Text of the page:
Maoist splinters becoming cause for concern for India too

26 02 2009

By Anand Gurung
The breakaway Maoist groups including the latest one led by fiery Maoist leader Matrika Yadav is not only a cause for concern for the ruling Unified CPN (Maoist) party and the country, but increasingly India too which is reeling under its own version of red terror.
Until recently, the Indian media was abuzz with speculation about breakaway Maoist group in Nepal collaborating with Indian Naxalites (Maoists). However, this serious issue concerning India’s internal security has now started to find its way into the floors of the Indian parliament – the Rajya Sabha.
This became clear after a senior Indian minister Wednesday denied rumors about Maoist splinters in Nepal collaborating with Indian Naxalites as baseless, saying that there is no valid evidence to suggest the same.
“There is no firm evidence of any breakaway Maoist group in Nepal collaborating with Naxalites here,” Indian Home Minister P Chidamabram was quoted as saying by Press Trust of India (PTI).
Replying to a query on the issue during the Question Hour in the Rajya Sabha, Chidamabram also denied any Naxalite activities in the Indo-Nepal border. He, however, said the government is vigilant and “would take firm action against Naxals”.
The Minister further said the government would welcome and rehabilitate any Naxalite if he/she wants to return to the mainstream.
Chidamabram also said that the aim of Naxalites “is to overthrow an established government through armed struggle”, and they are not for development. “Naxalites are the worst enemy of development as they are targeting schools, telephone towers and other infrastructure,” he said, adding that they are motivated by “misguided” philosophy.
According to PTI, a BJP lawmaker also wanted to know how the government would fight “Left-wing extremism” when it took support of the Left, drawing protests from the Left parties in the Rajya Sabha.
Indian Prime Minister Dr Manmohan Singh has described the rise of Maoists – also called Indian Naxals – as one of the “gravest threats” to India’s internal security
It is worth mentioning here that India had played a major role in engineering the Delhi agreement back in 2006, bringing the underground CPN (Maoist) closer to the agitating seven political parties in Nepal. The alliance led to the overthrow of former king Gyanendra led royal regime and ultimately culminated in the country becoming a republic with the first elected Maoist government in South Asia at the helms.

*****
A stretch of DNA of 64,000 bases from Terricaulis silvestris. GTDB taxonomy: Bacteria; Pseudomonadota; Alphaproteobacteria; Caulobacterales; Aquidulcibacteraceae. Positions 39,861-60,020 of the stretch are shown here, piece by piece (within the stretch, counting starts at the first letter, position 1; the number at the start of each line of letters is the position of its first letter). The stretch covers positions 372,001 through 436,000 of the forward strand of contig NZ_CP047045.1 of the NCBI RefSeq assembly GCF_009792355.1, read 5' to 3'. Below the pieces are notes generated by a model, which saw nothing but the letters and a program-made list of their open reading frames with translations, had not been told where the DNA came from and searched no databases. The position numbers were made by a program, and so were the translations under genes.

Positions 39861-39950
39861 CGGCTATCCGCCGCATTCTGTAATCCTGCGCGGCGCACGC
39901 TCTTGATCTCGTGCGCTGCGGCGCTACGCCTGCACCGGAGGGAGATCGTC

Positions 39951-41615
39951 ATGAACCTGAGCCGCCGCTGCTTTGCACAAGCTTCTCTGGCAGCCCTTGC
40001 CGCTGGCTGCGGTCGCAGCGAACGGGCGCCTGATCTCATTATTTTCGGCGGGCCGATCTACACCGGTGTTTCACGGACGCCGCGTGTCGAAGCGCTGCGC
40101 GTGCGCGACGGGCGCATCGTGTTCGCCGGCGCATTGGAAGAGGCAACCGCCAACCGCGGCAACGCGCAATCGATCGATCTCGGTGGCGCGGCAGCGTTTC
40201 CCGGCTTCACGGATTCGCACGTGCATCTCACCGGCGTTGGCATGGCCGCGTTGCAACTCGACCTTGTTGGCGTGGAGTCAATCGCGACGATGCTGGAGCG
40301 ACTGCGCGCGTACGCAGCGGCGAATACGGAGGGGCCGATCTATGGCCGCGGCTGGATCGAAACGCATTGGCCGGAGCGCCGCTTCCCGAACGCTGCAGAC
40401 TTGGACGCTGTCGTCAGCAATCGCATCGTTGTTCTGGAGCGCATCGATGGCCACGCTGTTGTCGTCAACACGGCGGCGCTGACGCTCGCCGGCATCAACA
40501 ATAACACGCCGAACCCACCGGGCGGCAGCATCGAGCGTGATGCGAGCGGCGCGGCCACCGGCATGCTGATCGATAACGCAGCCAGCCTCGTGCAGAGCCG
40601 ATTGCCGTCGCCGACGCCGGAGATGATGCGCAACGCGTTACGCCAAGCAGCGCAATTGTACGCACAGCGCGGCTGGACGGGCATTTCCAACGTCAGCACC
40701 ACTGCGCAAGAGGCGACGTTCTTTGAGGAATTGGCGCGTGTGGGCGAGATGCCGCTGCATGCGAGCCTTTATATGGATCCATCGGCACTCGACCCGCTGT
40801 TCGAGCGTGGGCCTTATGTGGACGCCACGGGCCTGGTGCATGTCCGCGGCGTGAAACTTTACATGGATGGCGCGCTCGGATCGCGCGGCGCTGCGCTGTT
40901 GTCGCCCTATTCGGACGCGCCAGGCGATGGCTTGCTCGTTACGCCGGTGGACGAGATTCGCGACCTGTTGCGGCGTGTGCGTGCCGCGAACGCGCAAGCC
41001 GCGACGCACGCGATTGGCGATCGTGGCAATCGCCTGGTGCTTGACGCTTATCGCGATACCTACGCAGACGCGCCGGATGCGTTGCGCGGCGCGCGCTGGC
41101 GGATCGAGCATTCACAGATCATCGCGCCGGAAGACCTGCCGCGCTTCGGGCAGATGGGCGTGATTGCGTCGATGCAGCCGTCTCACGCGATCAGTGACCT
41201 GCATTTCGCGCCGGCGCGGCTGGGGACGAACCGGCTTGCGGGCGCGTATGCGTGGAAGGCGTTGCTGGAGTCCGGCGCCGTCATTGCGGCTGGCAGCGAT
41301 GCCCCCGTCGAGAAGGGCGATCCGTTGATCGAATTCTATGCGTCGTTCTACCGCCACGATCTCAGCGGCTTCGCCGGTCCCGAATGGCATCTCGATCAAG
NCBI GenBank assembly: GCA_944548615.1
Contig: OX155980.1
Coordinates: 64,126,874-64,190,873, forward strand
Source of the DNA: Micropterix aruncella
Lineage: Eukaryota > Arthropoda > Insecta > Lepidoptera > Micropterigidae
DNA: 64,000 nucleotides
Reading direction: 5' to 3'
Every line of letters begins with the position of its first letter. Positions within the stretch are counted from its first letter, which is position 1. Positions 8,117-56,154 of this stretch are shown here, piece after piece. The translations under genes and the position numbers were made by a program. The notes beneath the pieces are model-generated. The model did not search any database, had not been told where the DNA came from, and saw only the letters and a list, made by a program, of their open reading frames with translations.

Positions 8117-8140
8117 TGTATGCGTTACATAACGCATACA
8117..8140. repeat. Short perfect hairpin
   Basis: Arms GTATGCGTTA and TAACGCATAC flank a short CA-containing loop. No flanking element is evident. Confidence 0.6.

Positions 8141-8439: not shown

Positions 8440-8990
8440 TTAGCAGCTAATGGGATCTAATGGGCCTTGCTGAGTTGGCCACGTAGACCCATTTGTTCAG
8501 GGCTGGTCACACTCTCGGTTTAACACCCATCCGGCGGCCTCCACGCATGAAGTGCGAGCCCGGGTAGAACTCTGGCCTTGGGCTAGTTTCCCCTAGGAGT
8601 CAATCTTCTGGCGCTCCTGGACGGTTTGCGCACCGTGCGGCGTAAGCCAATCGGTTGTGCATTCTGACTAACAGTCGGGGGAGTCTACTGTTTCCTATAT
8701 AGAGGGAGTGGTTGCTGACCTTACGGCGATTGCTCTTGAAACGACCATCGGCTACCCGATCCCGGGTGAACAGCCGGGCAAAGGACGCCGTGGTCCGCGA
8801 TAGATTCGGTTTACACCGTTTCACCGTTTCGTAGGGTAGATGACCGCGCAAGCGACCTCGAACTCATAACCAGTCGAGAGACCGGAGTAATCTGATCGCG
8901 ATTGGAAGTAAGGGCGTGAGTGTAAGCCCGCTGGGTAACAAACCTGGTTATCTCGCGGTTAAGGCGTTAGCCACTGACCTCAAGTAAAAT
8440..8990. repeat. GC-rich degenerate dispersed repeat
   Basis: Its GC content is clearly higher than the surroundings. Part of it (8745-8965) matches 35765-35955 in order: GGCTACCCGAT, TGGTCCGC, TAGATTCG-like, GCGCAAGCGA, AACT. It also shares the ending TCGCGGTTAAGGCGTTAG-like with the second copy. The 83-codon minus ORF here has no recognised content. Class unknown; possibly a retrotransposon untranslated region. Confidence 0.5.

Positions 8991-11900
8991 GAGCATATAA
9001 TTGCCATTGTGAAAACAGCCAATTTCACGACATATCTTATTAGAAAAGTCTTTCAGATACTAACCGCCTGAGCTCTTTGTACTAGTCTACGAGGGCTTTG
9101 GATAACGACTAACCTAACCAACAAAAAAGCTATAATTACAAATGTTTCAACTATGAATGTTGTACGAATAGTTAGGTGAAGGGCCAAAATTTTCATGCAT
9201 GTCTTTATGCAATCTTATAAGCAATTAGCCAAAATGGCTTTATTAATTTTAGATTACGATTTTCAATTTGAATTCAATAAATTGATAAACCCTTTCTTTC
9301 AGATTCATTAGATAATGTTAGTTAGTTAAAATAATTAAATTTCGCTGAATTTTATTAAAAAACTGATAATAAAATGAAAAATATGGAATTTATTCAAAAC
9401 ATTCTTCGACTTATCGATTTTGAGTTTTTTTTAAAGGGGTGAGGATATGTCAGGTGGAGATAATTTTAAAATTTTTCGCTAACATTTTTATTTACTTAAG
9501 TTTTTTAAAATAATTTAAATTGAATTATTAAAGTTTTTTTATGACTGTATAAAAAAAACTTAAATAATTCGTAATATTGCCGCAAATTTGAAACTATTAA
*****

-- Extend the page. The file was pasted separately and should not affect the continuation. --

Political observers say the Maoist insurgency in India is also shaping up as an issue ahead of the Indian general election due by May. The Maoist rebellion is spreading like wild-fire in India, with reports claiming that 22 of the country’s 29 states are affected by it.
The rebels claim to be fighting for the rights of the farmers and the poor who make up the majority in a country with the world’s second largest population. Thousands of people have been killed since the uprising began in a village called Naxalbari in India’s West Bengal state in the late 1960s .
nepalnews.com Feb 26 09





Pakistan evasive on ‘army link’ to Mumbai attacks

26 02 2009

NEW DELHI: The 11,000 page chargesheet into the 26/11 Mumbai attacks which was presented in a Mumbai court on Wednesday has thrown up some interesting findings.
Investigations have revealed that the VoIP (Voice Over Internet Protocol) calls made by the 26/11 terrorists to their handlers have been traced to a serving colonel of the Pakistani army.
However, the Pakistan army downplayed its link to the Mumbai terror carnage and said that the chargesheet filed on Wednesday is very vague on the link.